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    This article has been cited by the following publications. This list is generated based on data provided by CrossRef.

    Vanatta, Sean H. 2016. Citibank, Credit Cards, and the Local Politics of National Consumer Finance, 1968–1991. Business History Review, Vol. 90, Issue. 01, p. 57.


    Van Bochove, C. and Van Velzen, T. 2014. Loans to salaried employees: the case of the Dutch East India Company, 1602-1794. European Review of Economic History, Vol. 18, Issue. 1, p. 19.


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The Borrower's Tale: A History of Poor Debtors in Lochner Era New York City

Abstract

When asked why he did not read over the loan documents before signing them, John Doherty explained: “I was anxious to get the money, I didn't bother about it.” In February 1910, the twenty-three-year-old railroad clerk walked into the offices of the Chesterkirk Company, a loan-sharking operation with offices in lower Manhattan. He was looking to borrow some money. Repayment was guaranteed by the only security Doherty had to offer: his prospective wages and, in his words, his “reputation.” After a brief investigation of Doherty's creditworthiness, the loan was approved. The office manager placed a cross in lead pencil at the bottom of a lengthy form and Doherty signed where indicated. He received $34.85 in exchange for his promise to repay the loan principal plus $10.15 in combined fees and interest in three months. The interest charged was significantly greater than the 6 percent per year allowed in New York State. Doherty's effective annualized interest rate, including fees, was over 100 percent.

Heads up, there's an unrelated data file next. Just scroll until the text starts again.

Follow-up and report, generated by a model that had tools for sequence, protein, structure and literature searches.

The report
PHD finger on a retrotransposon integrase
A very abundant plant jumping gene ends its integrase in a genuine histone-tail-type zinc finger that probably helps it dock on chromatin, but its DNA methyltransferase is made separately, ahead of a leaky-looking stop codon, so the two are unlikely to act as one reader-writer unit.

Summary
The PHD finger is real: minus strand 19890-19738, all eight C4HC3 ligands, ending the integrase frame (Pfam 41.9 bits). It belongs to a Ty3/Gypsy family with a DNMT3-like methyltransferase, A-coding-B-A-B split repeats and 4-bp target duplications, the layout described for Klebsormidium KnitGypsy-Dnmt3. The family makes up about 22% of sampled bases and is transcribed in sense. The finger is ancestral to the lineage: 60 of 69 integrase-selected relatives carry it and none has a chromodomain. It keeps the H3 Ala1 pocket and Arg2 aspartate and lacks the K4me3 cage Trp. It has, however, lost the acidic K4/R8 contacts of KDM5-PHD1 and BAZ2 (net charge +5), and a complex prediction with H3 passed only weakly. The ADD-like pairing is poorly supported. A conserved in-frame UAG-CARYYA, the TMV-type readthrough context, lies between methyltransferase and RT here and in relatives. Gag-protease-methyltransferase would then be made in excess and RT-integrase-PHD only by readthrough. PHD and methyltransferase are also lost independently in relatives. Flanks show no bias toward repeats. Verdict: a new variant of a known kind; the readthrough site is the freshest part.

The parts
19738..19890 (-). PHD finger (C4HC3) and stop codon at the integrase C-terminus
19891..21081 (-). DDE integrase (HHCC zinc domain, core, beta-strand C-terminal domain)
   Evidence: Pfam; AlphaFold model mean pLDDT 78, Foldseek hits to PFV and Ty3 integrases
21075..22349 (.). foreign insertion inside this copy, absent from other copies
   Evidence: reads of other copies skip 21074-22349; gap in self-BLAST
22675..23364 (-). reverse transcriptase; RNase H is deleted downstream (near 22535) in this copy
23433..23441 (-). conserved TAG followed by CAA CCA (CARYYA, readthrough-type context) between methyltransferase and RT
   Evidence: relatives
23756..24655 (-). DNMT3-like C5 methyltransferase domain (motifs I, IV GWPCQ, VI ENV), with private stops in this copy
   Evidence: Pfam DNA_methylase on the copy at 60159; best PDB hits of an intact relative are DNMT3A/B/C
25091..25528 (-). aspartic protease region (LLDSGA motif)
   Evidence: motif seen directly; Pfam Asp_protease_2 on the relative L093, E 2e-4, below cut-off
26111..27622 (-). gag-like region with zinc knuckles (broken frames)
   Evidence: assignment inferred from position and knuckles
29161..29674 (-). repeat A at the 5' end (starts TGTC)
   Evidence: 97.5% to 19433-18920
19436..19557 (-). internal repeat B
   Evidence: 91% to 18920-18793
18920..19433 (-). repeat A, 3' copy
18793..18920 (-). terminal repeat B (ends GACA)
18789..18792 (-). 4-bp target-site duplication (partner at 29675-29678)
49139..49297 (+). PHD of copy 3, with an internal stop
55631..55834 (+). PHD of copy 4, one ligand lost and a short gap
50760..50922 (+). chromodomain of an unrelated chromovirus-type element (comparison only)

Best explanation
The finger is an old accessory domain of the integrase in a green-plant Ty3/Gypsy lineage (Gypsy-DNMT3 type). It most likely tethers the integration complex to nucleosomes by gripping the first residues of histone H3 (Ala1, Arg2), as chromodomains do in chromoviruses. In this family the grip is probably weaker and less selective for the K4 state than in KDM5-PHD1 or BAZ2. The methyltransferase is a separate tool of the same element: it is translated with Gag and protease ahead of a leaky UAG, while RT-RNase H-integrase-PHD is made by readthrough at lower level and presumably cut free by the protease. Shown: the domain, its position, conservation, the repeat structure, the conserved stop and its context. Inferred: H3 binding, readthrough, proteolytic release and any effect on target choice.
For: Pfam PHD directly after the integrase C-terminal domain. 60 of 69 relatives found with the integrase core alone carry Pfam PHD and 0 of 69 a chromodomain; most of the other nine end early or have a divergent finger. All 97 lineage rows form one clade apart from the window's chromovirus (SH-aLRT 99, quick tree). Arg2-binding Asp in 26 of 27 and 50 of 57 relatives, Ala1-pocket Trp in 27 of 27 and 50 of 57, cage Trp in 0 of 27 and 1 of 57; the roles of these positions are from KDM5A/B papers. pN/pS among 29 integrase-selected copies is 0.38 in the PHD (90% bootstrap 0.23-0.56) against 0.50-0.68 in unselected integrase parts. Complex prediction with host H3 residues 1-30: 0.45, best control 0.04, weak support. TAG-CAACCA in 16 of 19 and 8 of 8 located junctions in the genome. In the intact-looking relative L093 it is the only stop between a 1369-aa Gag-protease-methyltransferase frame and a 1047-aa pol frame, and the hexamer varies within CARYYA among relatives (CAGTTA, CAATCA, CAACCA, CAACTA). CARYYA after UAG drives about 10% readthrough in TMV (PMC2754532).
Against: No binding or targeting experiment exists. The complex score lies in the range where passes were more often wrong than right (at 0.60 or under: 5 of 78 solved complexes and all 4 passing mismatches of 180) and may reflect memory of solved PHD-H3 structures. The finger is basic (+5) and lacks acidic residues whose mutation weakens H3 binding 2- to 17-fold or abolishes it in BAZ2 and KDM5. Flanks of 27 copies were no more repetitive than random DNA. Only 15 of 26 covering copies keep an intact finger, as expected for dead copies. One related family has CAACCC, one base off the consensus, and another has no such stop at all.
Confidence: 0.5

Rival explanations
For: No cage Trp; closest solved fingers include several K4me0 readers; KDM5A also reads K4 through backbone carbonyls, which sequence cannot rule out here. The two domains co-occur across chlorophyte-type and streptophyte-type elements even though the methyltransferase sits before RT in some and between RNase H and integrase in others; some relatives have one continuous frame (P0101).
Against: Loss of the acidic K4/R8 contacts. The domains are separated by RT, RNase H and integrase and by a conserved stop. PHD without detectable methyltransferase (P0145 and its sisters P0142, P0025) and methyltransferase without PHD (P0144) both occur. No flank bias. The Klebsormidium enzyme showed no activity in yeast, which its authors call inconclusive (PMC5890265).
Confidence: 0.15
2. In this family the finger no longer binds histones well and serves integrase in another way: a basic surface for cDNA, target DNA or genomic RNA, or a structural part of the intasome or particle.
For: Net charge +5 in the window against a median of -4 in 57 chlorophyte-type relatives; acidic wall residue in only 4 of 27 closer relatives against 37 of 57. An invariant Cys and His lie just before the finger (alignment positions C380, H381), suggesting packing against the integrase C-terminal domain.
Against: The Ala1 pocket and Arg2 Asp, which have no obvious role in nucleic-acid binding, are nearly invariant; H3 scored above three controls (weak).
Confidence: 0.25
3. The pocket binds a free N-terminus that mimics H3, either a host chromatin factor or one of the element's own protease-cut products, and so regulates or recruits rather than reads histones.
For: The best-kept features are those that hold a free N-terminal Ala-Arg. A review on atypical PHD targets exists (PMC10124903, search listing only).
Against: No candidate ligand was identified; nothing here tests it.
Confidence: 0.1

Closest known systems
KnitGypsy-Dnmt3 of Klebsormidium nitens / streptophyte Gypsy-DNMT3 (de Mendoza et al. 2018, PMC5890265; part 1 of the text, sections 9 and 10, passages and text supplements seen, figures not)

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aflem@sas.upenn.edu
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Law and History Review
  • ISSN: 0738-2480
  • EISSN: 1939-9022
  • URL: /core/journals/law-and-history-review
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